Italian Icon: Lidia Bastianich Coming to Pittsburgh
The iconic chef, restaurateur and PBS cooking show host visits Pittsburgh for an epic meal in celebration of her new cookbook.
PHOTO BY DIANA DELUCIA
Lidia Bastianich, the famed chef, restaurateur and PBS cooking show host, is returning to Pittsburgh on January 24th to host a 5-course, family-style dinner at her Strip District restaurant Lidia’s Pittsburgh. The dinner’s menu is a celebration of recipes from her new book, Lidias Mastering the Art of Italian Cuisine: Everything You Need To Know To Be A Great Italian Cook.
“A dinner like this is also a way to inspire people to cook for themselves. They have eaten it. They have a feeling for what it should be. They have tastes and the textures. Now they can make it,” Bastianich says.
The antipasto course will include dishes such as baccala mantecato (whipped salt cod), arancini and celery stalks stuffed with gorgonzola and apples. The primi course will feature celery root, apple, arugula and walnut salad, escarole and white bean soup, and a few other dishes. Ricotta manicotti in a light tomato sauce and spaghetti trapanese with shrimps and calamari are on the menu for the pasta course, and the secondi course will be a tableful of dishes including cabbage rolls, beef short rib braised in beer and grilled polenta. If you’re still hungry, there’s a dolce of roasted pears and grapes with zabaglione.
The book, co-authored with her daughter Tanya Bastianich Manuali, is a compendium of wisdom from Bastianich’s years of working as a chef and as a teacher. “Curiosity and opportunity let you accumulate knowledge. This is my 11th book, and this one gets to the root of it all,” she says.
There are recipes — about 400 of them — but this book goes significantly deeper than a look at twice and then forget it coffee table cookbook. It’s rounded out by a lengthy, detailed section focusing on ingredients, a handy glossary and a practical guide to Italian culture and language, plus a bunch of helpful kitchen tips and techniques. It’s just about as useful a book as you could ask for if you were interested in Italian cookery. Or, really, cooking in general. Bastianich says that when you fall in love with an ingredient outside of your wheelhouse it’s folly to ignore it. For example, she say, “Avocado is not an Italian product, but I love avocado. I make a mean tuna salad with avocado.”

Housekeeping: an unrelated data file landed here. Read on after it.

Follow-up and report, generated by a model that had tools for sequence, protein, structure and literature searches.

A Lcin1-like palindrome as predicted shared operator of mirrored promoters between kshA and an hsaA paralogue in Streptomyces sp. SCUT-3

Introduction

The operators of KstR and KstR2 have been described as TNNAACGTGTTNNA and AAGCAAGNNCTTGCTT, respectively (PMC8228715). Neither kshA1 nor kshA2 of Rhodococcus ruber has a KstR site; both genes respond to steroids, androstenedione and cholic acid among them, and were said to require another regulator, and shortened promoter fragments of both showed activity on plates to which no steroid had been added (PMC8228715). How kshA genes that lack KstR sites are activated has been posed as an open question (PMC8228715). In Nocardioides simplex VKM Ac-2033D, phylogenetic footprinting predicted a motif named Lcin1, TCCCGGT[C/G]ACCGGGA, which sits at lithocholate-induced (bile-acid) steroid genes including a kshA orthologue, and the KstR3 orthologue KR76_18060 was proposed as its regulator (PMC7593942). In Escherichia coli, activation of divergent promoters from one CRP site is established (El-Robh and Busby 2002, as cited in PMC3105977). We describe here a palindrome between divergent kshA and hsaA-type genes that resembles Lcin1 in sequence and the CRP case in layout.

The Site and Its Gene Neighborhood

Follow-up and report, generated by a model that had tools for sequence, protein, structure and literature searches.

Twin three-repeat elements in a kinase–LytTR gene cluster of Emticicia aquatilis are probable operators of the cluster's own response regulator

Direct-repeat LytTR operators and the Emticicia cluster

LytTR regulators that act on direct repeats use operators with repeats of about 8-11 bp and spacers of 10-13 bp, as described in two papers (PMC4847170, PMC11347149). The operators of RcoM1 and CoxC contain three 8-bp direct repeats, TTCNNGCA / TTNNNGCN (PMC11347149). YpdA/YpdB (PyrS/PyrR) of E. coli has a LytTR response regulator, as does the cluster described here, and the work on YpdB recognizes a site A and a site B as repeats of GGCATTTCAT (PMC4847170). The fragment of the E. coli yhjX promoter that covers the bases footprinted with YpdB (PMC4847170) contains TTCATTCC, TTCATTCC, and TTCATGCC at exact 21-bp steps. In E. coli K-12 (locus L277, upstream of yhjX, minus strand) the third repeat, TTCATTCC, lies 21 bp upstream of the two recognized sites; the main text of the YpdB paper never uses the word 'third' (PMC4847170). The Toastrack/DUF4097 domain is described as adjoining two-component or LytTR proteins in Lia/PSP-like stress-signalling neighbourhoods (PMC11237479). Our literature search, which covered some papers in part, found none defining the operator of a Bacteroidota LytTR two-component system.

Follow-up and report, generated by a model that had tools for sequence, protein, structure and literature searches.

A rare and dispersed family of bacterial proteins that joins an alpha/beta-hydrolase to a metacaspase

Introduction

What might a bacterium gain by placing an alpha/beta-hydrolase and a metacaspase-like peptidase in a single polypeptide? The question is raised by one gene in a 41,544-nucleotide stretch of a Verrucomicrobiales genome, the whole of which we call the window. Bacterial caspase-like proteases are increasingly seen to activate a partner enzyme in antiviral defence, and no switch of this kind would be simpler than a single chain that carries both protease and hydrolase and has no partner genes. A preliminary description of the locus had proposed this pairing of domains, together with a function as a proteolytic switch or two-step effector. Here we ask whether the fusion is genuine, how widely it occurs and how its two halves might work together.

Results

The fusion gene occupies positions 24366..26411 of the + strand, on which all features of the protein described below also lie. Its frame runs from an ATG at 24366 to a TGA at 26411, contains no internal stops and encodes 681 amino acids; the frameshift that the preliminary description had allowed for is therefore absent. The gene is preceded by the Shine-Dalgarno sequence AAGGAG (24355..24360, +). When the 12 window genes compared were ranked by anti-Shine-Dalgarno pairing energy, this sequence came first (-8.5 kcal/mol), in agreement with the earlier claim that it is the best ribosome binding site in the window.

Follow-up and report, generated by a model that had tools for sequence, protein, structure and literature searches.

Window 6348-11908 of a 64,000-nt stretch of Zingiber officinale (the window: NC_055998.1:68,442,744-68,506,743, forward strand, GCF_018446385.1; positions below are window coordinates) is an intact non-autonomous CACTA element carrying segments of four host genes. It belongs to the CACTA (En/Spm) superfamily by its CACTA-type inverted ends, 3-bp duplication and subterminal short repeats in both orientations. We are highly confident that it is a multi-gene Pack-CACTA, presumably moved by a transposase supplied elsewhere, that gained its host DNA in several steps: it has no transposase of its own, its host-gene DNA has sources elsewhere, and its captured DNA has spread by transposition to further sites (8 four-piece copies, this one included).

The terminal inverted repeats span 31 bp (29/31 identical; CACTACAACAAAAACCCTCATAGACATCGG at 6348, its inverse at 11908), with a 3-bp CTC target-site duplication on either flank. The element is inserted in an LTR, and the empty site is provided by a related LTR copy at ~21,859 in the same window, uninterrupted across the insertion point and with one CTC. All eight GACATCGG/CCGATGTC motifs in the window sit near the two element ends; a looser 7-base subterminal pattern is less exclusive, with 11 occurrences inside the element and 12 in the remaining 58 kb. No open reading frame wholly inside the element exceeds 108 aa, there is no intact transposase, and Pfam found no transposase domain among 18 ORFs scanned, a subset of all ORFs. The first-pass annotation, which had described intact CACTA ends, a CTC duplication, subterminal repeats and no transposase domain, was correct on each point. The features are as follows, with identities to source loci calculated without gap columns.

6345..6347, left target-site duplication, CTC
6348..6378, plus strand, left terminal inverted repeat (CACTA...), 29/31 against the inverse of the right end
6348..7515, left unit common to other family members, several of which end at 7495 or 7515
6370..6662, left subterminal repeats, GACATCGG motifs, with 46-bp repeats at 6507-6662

She’s also quick to point out that even though many trends feel very of-the-moment they are almost always rooted in tradition. When I mentioned her inclusion of edible flowers in the ‘ingredients’ section, she said, “It’s not nearly as contemporary as it feels. I’d do that with my grandmother. Food goes in cycles.”
Visual interpretations of dishes are also cyclical, which is why Bastianich decided to not include them in Lidias Mastering the Art of Italian Cuisine. “Photographs put you in a time period. I don’t want that. I want people to really get into the recipes themselves. Understand it, cook it and let the products shine. They don’t need to copy what’s in a photograph,” she says.
It’s a worthwhile read. “I wrote it with my family in mind. Something for them to have as a reference for future generations,” she says.
Bastianich will be at Lidia’s Pittsburgh to talk about the book at the dinner on the 24th. The meal is $55 plus tax and gratuity, with an additional charge for pairings of Bastianich wine. To make reservations, call 412-552-0150.